Resources:

  • Use of Chalkboard/Overhead Projector: Legible? Visible? Make sense? What might have been done differently?
  • Handouts, Test, etc. How helpful are they? How do they contribute to learning? Legible? Understandable?
  • Use of the Textbook: Does it “dominate” what happens in class? How is it used? For what purposes? How often? How helpful is it? Do students appear to like it? Does the teacher share strategies for success with students? 

The lesson itself:

  •  Questioning skills (open, closed, focussed, directed, use of Bloom’s taxonomy?)
  • Are there an array of activities? Individual? Group?
  • How is the pace of the lesson? Do the times for each task in the lesson seem reasonable?
  • Does the teacher check for understanding? How do they do it? How frequently?
  • Does the teacher provide immediate feedback to pupils? How do they do it?
  • How much teacher talk is there? Are tasks explained well?

The pupils:

  • How do the students interact within the lesson? How much of their time is spent on task?
  • Do pupils clearly understand what is expected of them?
  • Clear friendship groups within the classroom?

Endings:

  • How does the teacher check for understanding at the end?
  • How does the lesson close? How do the pupils leave the classroom?

Of course, this list is not exhaustive. If you have anything else to add, or want to question anyting - let me know and I’ll give it an edit!

I start my classroom observing tomorrow! For 3 days!

#education Mentoring Program

Teachers: Are you interested in being a mentor to a student teacher on tumblr? 

Student teachers: Want a mentor to reach out to during your ST experience? (Also open to first year teachers now!)

I reached out to several of the STs to fill out the ST roll call, posted here. There seems to be sufficient interest from STs for starting a little tumblr mentoring program. STs would be paired with tumblr educators who wish to mentor. The pairing would be done to get a close match based on subject area/grade level.

Mentors would be responsible for offering support (resources, teaching ideas, advice, emotional support) during the STs field placement experience(s). The ST would be able to use their mentor as a ‘go-to’ person to reach out to when they need help.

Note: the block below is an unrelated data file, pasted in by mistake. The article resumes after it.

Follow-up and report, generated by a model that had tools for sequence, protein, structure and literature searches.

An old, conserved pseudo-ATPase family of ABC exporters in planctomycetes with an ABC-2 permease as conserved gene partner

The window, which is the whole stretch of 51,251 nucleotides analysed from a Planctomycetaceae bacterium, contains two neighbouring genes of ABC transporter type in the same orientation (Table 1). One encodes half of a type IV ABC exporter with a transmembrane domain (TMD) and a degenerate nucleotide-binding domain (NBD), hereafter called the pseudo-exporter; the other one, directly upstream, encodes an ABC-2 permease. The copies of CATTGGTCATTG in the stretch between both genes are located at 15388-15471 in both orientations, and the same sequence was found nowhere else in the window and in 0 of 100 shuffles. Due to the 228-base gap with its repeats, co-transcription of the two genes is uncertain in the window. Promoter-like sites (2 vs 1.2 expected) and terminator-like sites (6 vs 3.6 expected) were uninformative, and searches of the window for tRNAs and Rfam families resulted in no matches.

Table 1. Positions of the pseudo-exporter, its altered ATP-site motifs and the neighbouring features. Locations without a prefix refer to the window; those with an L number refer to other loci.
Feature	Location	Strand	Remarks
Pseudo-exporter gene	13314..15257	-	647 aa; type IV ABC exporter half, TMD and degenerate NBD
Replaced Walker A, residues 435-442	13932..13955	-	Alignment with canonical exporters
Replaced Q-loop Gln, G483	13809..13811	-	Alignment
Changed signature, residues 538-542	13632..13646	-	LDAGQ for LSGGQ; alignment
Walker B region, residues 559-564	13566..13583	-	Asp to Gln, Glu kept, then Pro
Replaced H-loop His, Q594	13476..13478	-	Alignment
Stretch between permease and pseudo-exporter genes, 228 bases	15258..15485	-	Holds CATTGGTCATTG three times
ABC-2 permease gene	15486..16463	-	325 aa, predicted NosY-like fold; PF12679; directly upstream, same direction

Mentors and STs would be encouraged to share their resources and experiences with the rest of the #education community. A weekly post of a helpful tip, words of encouragement, or an update on the relationship would help spread the positive vibes in our community and enhance the ST experience. 

Interested? Send me a message. Be sure to tell me your subject area/grade level expertise if you are a current teacher, and if you are a ST, tell me what your preference is in a mentor subject/grade level wise.

This won’t be perfect - there might not be a pair for everyone (too many mentors, perhaps) but with the responses I got I know there are STs out there who are very excited about this idea!

Any questions?

Ten Commandments of Teaching

Thou shalt…

1. Always smile, always be yourself. Children can smell a fake from miles away.

2. Always be honest - don’t be afraid to tell pupils when they have overstepped their boundaries. If they have angered/upset you, let them know, be honest.

3. Realise that some pupils will slip through the net, and that’s okay. You can prepare pupils for their exams, you cannot sit the exam for them.

4. Be relentless - if pupils have slipped up and have to face the consequences of their actions, do not be afraid to pursue them. Make sure they do that written exercise, that detention. Its in their best interest, and yours.

5. Always take an interest, take the time to get to know your pupils and what makes them tick. A few weeks learning names and interests, and their yours for the year.

6. Be enthusiastic about your subject - why are you teaching? what does your subject bring to the table? What skills can pupils obtain from you? How does this benefit them?

7. Make lessons relevant - if you don’t know why you’re teaching it, they won’t understand why they have to learn it. 

8. Make no empty threats. Mean what you say and say what you mean

9. Not re-invent the wheel - there are hundreds of free and good resources out there. See what is out there first, and use it to complement your lessons, giving credit where it is due.

10. Remember to mark jotters and provide individual feedback. When exams and planning become a reality, this can be hard. Take an interest in your pupils, want them to succeed. Tell them this in written form in response to their contributions. 

I’ve long held that teachers are some of the most notorious and good-natured thieves on this planet. We’ll beg, borrow and steal anyone’s ideas if they’re good and will help kids… and to balance that out, most teachers are endlessly supportive of their colleagues “stealing” their ideas. I’ve farmed out most of my lesson plans three times over to new teachers to my school.